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TUCoPS :: Networks :: arpanet.txt

ArpaNet Hacking

     ARPANET. The ARPANET, which is a major component of the NSFnet [National
Science Foundation Network], began in 1969 as an R&D project managed by DARPA
[Dept. of Defense Advanced Research Projects Agency]. ARPANET was an experiment
in resource sharing, and provided survivable (multiply connected), high
bandwidth (56 Kilobits per second) communications links between major existing
computational resources and computer users in academic, industrial, and
government research laboratories.  ARPANET is managed and funded by by the DCA
[Defense Communications Agency] with user services provided by a network
information center at SRI International.
     ARPANET served as a test for the development of advanced network protocols
including the TCP-IP protocol suite introduced in 1981.  TCP-IP and
particularly IP, the internet protocol, introduced the idea of inter-
networking -- allowing networks of different technologies and connection
protocols to be linked together while providing a unified internetwork
addressing scheme and a common set of transport of application protocols. This
development allowed networks of computers and workstations to be connected to
the ARPANET, rather than just single-host computers.  TCP-IP remain the most
available and advanced, non-vendor-specific, networking protocols and have
strongly influenced the current international standards of activity.  TCP-IP
provide a variety of application services, including remote logon (Telnet),
file transfer (FTP), and electronic mail (SMTP and RFC822).
     ARPANET technology was so successful that in 1982, the Dept. of Defense
(DOD) abandoned their AUTODIN II network project and adopted ARPANET technology
for the Dept. of Defense Data Network (DDN).  The current MILNET, which was
split form the original ARPANET in 1983, is the operational, unclassified
network component of the DDN, while ARPANET remains an advanced network R&D
tested for DARPA.  In practice, ARPANET has also been an operational network
supporting DOD, DOE [Dept. of Energy], and some NSF-sponsored computer science
researchers.  This community has come to depend on the availability of the
network.  Until the advent of NSFnet, access to ARPANET was restricted to this
     As an operational network in the scientific and engineering research
community, and with the increasing availability of affordable super-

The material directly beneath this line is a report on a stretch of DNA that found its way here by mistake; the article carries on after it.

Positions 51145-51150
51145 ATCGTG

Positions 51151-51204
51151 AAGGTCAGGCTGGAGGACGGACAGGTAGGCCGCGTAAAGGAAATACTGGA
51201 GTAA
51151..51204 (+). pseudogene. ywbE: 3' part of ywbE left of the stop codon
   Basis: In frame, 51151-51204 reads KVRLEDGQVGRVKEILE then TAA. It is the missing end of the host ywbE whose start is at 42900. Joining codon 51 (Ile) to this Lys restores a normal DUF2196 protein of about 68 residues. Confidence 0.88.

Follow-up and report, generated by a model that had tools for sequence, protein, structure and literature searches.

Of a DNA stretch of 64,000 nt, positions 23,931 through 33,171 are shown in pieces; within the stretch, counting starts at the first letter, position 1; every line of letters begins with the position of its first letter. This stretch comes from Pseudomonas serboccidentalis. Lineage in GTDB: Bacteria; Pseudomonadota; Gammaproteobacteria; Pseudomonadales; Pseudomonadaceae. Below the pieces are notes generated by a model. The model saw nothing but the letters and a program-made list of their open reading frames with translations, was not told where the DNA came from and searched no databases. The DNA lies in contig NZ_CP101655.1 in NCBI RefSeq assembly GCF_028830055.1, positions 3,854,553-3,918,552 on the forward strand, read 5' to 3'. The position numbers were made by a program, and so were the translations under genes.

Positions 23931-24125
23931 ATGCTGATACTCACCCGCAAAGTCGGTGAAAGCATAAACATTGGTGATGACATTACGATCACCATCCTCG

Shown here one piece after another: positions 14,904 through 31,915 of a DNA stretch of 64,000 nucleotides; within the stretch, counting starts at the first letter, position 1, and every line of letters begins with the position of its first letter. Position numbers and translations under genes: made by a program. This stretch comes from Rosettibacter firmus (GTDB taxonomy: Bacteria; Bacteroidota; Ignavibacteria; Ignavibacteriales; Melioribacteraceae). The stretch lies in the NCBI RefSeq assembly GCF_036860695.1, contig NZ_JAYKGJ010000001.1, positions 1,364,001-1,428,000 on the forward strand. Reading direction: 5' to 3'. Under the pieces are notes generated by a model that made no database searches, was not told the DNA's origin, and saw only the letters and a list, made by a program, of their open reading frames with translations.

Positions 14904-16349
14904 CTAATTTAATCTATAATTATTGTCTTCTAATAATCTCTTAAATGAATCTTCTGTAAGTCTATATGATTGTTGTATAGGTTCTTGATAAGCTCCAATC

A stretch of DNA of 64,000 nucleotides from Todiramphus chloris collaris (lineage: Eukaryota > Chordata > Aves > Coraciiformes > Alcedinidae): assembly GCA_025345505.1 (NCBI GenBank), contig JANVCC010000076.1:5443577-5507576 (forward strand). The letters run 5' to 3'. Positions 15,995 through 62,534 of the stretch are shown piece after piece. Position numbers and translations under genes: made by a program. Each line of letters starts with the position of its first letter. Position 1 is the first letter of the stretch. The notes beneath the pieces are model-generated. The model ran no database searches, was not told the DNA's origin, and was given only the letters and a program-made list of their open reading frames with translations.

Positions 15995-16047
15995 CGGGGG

minicomputers, ARPANET was used less as a tool for sharing remote computational
resources than it was for sharing information.  The major lesson from the
ARPANET experience is that information sharing is a key benefit of computer
networking.  Indeed it may be argued that many major advances in computer
systems and artificial intelligence are the direct result of the enhanced
collaboration made possible by ARPANET.
     However, ARPANET also had the negative effect of creating a have--have not
situation in experimental computer research.  Scientists and engineers carrying
out such research at institutions other than the twenty or so ARPANET sites
were at a clear disadvantage in accessing pertinent technical information and
in attracting faculty and students.
     In October 1985, NSF and DARPA, with DOD support, signed a memorandum of
agreement to expand the ARPANET to allow NSF supercomputer users to use ARPANET
to access the NSF supercomputer centers and to communicate with each other.
The immediate effect of this agreement was to allow all NSF supercomputer users
on campuses with an existing ARPANET connection to use ARPANET.  In addition,
the NSF supercomputer resource centers at the University of Illinois and
Cornell University are connected to ARPANET. In general, the existing ARPANET
connections are in departments of computer science or electrical engineering
and are not readily accessible by other researchers.  However, DARPA has
requested that the campus ARPANET coordinators facilitate access by relevant
NSF researchers.
     As part of the NSFnet initiative, a number of universities have requested
connection to ARPANET.  Each of these campuses has undertaken to establish a
campus network gateway accessible to all due course, be able to use the ARPANET
to access the NSF supercomputer centers, from within their own local computing
environment.  Additional requests for connection to the ARPANET are being
considered by NSF.

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